This past Tuesday, we laid to rest one Merle Stanford Davis. Merle Stanford Davis was the oldest member of the First Presbyterian Church of Nashville. She died this week at the age of 104. I don't know how many of you knew Merle. Ironically, I was introduced to her when she was ninety-five. Her home partner and dear friend in the life of this church was none other than Nancy Johnson. Nancy and Victor Johnson one Sunday went to pick up Merle at McKendree Village where she had lived with her older sisters since 1986, after she sold her home a block up the street on Franklin Road and brought her to church. We all went out to eat with her that day. It is poignant for me because, of course, in between those five short years, we have lost both Victor and Nancy Johnson, and now Merle Davis as well. Merle Davis understood what it meant "to give thanks in all circumstances." She married twice, and she lost two husbands. She ran a dairy, Clover Bottom Dairy, after her husband A.F. Stanford died, for twelve years. She sold it to the State of Tennessee in 1949. She then moved to Nashville when she married Hewitt Davis. The two of them ran the Biltmore Court Motel down on Franklin Road where the interstate now crosses Franklin and 8th Avenue. When that land was sold, Merle went to work as a widow for the second time at Vanderbilt Holiday Inn, not because she needed to work, but because she wanted to work. The point is this: Merle was a radiant soul and even though she outlived most of her contemporaries, our chapel had a healthy dose of friends that Merle had managed to make through the years that she lived at McKendree Village. And though she never was blessed with a child, she had more nephews and nieces who absolutely adored her because Merle Davis knew what it meant to give thanks in all circumstances. I always felt blessed whenever we would speak, and she could not say enough good things about this church.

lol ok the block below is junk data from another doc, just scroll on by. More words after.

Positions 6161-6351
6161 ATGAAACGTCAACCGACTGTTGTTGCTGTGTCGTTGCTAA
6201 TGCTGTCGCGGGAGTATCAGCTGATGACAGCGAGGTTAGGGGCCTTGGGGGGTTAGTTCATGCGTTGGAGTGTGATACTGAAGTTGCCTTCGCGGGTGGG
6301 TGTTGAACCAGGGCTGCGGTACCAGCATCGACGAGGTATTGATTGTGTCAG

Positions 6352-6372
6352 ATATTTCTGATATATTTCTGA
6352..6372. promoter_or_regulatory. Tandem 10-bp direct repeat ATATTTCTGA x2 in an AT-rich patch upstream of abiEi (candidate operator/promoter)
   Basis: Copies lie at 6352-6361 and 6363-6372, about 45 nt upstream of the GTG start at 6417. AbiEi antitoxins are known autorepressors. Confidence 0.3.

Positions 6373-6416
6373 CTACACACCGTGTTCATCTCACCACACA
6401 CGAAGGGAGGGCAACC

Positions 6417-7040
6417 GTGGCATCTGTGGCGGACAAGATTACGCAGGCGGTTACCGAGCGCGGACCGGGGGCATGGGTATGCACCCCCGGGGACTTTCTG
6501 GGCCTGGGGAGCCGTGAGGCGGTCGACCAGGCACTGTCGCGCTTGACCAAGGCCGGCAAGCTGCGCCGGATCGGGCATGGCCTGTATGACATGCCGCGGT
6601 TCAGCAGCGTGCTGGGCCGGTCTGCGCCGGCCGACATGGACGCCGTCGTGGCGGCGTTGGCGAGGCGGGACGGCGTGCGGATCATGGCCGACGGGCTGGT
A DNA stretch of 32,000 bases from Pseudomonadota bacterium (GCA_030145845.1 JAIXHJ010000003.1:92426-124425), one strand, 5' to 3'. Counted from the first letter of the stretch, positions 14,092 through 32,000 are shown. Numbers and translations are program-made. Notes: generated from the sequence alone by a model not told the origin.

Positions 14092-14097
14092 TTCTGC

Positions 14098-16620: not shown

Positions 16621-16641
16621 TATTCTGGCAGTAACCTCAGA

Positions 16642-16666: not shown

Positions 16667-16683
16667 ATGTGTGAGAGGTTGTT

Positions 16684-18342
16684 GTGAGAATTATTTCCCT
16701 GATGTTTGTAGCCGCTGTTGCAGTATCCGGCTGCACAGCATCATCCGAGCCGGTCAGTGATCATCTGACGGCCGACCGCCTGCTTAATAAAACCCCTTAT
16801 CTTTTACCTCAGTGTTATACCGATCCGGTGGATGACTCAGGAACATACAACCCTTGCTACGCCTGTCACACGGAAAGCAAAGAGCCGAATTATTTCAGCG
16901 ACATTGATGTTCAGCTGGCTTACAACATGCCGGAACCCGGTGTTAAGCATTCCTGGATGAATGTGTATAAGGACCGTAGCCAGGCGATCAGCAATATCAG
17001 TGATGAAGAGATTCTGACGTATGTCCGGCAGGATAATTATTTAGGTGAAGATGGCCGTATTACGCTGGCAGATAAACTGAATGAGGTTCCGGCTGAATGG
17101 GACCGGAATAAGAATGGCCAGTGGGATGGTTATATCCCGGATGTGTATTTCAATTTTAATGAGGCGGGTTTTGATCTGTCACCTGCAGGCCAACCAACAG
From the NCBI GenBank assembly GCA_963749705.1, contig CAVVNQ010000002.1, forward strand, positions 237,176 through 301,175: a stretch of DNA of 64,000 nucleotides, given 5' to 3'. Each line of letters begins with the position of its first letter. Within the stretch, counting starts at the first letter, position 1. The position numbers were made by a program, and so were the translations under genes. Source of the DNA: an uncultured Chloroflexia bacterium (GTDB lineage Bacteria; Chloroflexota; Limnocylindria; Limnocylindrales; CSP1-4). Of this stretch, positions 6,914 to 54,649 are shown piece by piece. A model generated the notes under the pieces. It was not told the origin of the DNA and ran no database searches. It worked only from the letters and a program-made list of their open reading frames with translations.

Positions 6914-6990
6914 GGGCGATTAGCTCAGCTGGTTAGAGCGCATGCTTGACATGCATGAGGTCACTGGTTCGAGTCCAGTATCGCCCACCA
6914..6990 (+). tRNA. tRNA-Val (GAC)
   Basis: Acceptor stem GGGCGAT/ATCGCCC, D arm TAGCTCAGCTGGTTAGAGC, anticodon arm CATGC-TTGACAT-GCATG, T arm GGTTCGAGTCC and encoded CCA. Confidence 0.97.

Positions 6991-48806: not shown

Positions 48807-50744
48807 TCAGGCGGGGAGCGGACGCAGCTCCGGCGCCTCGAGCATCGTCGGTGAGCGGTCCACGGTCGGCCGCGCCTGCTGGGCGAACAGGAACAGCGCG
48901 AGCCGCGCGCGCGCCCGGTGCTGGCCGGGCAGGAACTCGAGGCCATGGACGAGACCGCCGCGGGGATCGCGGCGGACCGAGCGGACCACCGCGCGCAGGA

I mentioned to you in church the last couple weeks the death of my dear friend Tom Gillespie. At his funeral the minister mentioned that Tom had the task of preaching at his predecessor's funeral. When he preached at the funeral of James I. McCord, he said this: "When we die, we do not offer to God our trophies. When we die, we offer to God our thanksgiving for the gift of eternal life that comes to us by grace through the resurrection of our Lord and Savior Jesus Christ." 

I love the prayer that Teresa of Avila wrote. She said this: "Thank you, dear God, for all you have given me. And thank you, dear God, for all you have taken away from me. And thank you, dear God, for all you have left me." Give thanks to God, dear friends! Give thanks to God in all circumstances for this is the will of God in Christ Jesus for you and for me and for all God's children. Happy Thanksgiving!